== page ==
3) The ability to believe in something in which there is no physical evidence even exists.

    4) Glorified Ignorance

    5) Irrational belief in something despite all evidence to the contrary.

    Here's an example of a major evolutionist doctrine which requires massive amounts of unquestioning faith which is in it's own religious right an an Atheist "Virgin Birth" mythological tale with no shred of impirical evidence to justify such a belief in the unfounded fable as defined by one of their own holy books just referenced above "URBAN DICTIONARY"

    "ABIOGENESIS" = life resulting from non-life.

    ReplyDelete
  55. Cornelius Hunter:

    "While he provides plenty of criticism of this “Veneer Theory,” as he dubs it, de Waal fails to provide much detail on just how evolution so cleverly produced the incredible spectrum of behaviors we find in nature (not to mention everything else)."
    =====

    He doesn't have to present any facts. Simply tell a great Fable through creative storytelling, make sure all the major mandated idealogical precepts/dogmas are interwoven and offer a simple pinch of incense on the alter before Lord Darwin's image as a worshipful measure to appease the Secular ecclesiastical Hierarchy.
    (this is done by merely mentioning either the name "Darwin" or the religious term "evolution" in any fabricated myth to give it any hope of a shot at Peer_Approved legitimacy)

    ReplyDelete
  56. RobertC:

    I find myself wondering if Hunter, as an educated physical biochemist, finds himself embarrassed by those who come to his defense.

    Then I read his posts, and realize there is really is no shame.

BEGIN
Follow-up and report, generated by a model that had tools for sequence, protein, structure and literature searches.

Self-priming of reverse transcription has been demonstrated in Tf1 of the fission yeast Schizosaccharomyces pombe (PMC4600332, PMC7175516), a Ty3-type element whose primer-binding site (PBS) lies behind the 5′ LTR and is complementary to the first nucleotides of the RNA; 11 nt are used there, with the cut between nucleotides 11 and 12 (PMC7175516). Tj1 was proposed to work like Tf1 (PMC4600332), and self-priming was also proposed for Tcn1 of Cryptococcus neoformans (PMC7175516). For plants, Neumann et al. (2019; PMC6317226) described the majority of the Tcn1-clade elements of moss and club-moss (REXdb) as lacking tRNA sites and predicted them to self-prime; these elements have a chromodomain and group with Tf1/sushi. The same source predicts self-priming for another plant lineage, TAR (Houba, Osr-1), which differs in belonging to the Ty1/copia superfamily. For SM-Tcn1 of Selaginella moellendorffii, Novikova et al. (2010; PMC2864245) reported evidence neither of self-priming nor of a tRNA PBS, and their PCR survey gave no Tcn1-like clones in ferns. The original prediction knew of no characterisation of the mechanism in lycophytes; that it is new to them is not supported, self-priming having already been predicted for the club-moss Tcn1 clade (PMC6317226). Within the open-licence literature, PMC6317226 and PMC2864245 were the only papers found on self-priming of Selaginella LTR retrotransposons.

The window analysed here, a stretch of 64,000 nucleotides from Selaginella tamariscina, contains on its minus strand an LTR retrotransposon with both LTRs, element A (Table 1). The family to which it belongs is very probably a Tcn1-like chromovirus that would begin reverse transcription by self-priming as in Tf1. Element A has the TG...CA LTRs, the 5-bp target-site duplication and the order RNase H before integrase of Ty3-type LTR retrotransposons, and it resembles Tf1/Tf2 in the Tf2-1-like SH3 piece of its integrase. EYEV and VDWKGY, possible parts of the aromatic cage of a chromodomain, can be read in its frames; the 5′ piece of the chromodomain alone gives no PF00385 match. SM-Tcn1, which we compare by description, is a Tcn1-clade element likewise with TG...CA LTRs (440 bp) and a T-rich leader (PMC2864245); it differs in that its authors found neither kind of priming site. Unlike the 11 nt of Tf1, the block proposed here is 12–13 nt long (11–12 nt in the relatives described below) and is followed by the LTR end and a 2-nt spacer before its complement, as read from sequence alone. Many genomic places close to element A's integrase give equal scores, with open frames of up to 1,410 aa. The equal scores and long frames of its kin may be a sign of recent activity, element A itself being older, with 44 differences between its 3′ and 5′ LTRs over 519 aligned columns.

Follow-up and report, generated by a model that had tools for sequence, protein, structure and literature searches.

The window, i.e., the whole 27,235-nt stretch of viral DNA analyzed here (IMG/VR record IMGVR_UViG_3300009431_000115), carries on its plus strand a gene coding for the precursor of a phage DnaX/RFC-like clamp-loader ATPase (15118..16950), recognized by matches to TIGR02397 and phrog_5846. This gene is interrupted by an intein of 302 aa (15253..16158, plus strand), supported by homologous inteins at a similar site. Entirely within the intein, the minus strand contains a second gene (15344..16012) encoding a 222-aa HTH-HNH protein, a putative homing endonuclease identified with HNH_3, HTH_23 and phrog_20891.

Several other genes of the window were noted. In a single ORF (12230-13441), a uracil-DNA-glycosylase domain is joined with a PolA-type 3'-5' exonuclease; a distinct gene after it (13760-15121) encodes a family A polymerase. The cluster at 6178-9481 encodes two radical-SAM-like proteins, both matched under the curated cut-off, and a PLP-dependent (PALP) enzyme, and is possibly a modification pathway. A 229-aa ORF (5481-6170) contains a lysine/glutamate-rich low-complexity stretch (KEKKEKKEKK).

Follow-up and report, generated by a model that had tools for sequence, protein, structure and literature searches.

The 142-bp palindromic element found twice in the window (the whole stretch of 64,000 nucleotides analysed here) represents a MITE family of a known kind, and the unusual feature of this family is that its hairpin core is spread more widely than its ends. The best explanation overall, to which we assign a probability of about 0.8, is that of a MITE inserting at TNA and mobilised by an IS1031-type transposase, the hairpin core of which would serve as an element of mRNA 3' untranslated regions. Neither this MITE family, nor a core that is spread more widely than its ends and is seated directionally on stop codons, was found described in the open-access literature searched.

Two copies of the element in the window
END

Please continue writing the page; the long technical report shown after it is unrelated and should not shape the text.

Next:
========

    Understandable that you'd not believe in shame, since you evidently are an "Ammoralist", even as Joel Marks admitted days ago.

    http://www.philosophynow.org/issue80/80marks.htm

    ReplyDelete
  57. oleg sez:
    As a practitioner of solid-state physics, I do not find the existence of the distant past tentative and think that common ancestry is well established.

    Except common ancestry is less established than is common design.

    ReplyDelete
  58. oleg:
    And TomH, the age of the Earth is not just a geological question. It agrees nicely with the age of the Sun and of the other objects in the Solar system. So in all these questions we have multiple lines of evidence.

    Well if the earth is made up of old material it would give the appearance of being old without actually being that old.

    There are lines of evidence from helium diffusion that say the earth isn't any more than 1.5 billion years old.

    Ya see we have to know HOW the earth was formed before we can say anything about its age.

    Without that we are just guessing and picking the best age out of a range of ages that fits one's worldview.

    ReplyDelete
  59. TomH wrote:

    If you look at the history of the calculations of the age of the sun and universe, you will find that these have been recalculated *every time* that the age of the earth has changed. History shows that the consilience is managed and is not independent. http://www.trueorigin.org/old_earth_evo_heart.asp

    The article by Henry is very selective in its review of history. It discusses estimates of the Sun's age prior to the 1950s and studiously avoids mentioning the current state of knowledge. This is disingenuous.

    Helmholtz and Kelvin had no idea what powered the Sun, so their estimates of its age were bound to be wrong. Gamow was a lot closer because he had some idea about the source of solar energy. 20 years later, we had a theory of the Sun that remains to this day. We understand how stars form and how long they last. The physics of that is completely noncontroversial. In fact, you can now make back-of-the-envelope estimates of the Sun's age by starting from its power output and the energy supplied by a single nuclear reaction fusing four protons into a helium nucleus. You will get billions of years. Not thousands. Not millions.